Wednesday, March 12, 2014
The Associated Press
(Continued from page 1)
In this Dec. 19, 2010, file photo, Kansas City Chiefs linebacker Jovan Belcher. Police say Belcher fatally shot his girlfriend early Saturday, Dec. 1, 2012, in Kansas City, Mo., then drove to Arrowhead Stadium and committed suicide in front of his coach and general manager. (AP Photo/Seth Perlman)
"I've done a bad thing to my girlfriend already," Belcher told Pioli, according to the report, adding that he wanted to talk with Chiefs coach Romeo Crennel and defensive coordinator Gary Gibbs.
When Crennel arrived, Belcher said, "You know that I've been having some major problems at home and with my girlfriend. I need help! I wasn't able to get enough help. I appreciate everything you all have done for me with trying to help ... but it wasn't enough. I have hurt my girl already and I can't go back now."
Belcher asked that Pioli and team owner Clark Hurt take care of his daughter. The Chiefs staff pleaded with Belcher to put down his gun, but he only lowered it to load a round. "You're taking the easy way out!" Crennel told Belcher, according to the report.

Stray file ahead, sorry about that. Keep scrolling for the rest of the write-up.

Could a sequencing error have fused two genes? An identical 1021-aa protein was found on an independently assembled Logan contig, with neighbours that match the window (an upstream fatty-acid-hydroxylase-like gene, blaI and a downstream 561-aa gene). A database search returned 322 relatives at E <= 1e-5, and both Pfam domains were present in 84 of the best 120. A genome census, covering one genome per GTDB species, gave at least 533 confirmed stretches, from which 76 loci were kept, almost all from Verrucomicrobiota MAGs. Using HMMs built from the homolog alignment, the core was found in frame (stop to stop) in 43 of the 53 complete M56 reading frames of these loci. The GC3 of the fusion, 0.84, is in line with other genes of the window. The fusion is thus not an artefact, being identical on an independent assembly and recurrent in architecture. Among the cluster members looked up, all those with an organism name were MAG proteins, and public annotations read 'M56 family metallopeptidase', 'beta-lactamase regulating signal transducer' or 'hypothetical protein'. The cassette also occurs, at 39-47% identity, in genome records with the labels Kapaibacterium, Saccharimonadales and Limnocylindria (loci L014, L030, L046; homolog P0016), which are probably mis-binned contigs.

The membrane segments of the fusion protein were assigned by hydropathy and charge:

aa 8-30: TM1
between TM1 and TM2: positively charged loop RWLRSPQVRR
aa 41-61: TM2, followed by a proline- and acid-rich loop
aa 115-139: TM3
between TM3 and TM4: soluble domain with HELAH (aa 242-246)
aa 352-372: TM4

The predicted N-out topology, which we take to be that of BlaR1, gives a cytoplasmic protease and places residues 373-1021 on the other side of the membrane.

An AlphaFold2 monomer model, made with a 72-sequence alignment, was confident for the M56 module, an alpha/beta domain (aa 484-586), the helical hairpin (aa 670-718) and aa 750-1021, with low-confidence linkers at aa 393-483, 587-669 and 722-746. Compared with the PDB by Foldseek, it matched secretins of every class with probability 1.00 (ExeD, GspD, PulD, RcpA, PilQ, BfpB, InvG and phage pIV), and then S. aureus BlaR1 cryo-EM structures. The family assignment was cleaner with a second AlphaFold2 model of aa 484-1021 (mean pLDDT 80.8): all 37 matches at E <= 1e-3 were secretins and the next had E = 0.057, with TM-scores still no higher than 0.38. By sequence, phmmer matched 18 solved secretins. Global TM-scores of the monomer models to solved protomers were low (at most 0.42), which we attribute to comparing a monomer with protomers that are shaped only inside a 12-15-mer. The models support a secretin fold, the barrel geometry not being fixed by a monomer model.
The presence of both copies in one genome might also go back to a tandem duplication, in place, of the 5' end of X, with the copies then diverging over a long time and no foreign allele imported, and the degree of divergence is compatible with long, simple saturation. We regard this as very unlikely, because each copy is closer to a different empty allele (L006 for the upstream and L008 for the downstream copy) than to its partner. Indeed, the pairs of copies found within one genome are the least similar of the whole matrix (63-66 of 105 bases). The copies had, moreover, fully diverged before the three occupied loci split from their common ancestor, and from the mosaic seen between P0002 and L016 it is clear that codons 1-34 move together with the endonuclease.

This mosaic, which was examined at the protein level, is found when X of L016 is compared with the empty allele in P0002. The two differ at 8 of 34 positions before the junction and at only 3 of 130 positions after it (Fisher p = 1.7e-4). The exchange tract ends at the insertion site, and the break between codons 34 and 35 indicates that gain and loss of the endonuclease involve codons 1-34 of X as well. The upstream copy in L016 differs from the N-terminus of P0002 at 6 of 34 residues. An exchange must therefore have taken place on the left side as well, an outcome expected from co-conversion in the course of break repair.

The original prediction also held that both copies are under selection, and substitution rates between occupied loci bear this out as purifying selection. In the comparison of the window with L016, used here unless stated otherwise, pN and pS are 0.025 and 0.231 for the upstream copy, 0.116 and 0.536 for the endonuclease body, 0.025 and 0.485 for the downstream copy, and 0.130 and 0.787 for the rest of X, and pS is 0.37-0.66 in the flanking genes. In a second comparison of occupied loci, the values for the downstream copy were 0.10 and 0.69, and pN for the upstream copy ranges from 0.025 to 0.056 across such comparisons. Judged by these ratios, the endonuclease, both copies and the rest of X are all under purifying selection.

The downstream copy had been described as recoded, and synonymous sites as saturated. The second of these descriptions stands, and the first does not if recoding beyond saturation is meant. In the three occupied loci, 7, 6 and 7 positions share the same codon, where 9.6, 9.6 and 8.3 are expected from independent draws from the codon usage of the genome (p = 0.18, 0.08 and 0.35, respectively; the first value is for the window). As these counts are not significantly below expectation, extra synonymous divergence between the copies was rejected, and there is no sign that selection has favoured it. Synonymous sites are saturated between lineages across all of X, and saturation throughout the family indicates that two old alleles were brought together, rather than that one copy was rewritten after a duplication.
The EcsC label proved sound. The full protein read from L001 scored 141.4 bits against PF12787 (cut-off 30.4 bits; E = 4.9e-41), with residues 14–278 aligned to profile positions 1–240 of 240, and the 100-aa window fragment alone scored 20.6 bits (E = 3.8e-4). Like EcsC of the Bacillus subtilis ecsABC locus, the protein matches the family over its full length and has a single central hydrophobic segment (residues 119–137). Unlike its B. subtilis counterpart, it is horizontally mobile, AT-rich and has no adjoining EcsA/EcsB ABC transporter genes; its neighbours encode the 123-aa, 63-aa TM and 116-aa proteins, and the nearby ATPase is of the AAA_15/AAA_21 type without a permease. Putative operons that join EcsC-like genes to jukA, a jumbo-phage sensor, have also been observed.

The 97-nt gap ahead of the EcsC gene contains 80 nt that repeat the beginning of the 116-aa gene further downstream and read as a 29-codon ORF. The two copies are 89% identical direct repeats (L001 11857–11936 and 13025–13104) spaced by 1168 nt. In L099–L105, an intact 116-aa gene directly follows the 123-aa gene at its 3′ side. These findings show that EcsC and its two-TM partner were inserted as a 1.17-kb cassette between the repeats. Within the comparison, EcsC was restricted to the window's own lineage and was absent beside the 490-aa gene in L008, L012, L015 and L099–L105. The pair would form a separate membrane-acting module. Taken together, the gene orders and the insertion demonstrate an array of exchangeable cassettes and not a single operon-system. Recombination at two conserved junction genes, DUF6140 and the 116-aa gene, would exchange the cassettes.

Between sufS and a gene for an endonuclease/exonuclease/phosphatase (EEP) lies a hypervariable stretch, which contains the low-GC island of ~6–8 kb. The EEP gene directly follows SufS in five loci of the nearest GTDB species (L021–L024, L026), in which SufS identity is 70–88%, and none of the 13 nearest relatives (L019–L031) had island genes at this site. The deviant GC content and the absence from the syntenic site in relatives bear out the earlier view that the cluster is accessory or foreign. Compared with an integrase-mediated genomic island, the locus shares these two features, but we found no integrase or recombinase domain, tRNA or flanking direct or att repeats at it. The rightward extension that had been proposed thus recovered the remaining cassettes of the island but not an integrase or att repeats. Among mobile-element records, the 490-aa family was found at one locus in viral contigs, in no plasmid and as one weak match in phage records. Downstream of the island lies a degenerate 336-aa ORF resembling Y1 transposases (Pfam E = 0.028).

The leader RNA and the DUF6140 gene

As a police officer approached, Belcher knelt behind a vehicle, saying, "Guys, I have to do this. ... I got to go, can't be here and take care of my daughter." He made the sign of the cross on his chest and fired a bullet into his head, the report said.
Crennel said Belcher had blamed Perkins for missing a team meeting a few weeks earlier, saying he had to watch the baby after Perkins didn't come home the night before. Crennel said he thought the couple had "trust issues" and Perkins expected "a better life" with an NFL player.
Crennel said Belcher, whose base salary this season was more than $1.9 million, "didn't live outside his means." He said he thought Belcher was talking to an attorney about getting custody of his daughter.
Shepherd, Belcher's mother, attributed the couple's relationship problems to "financial issues associated with Perkins' spending habits."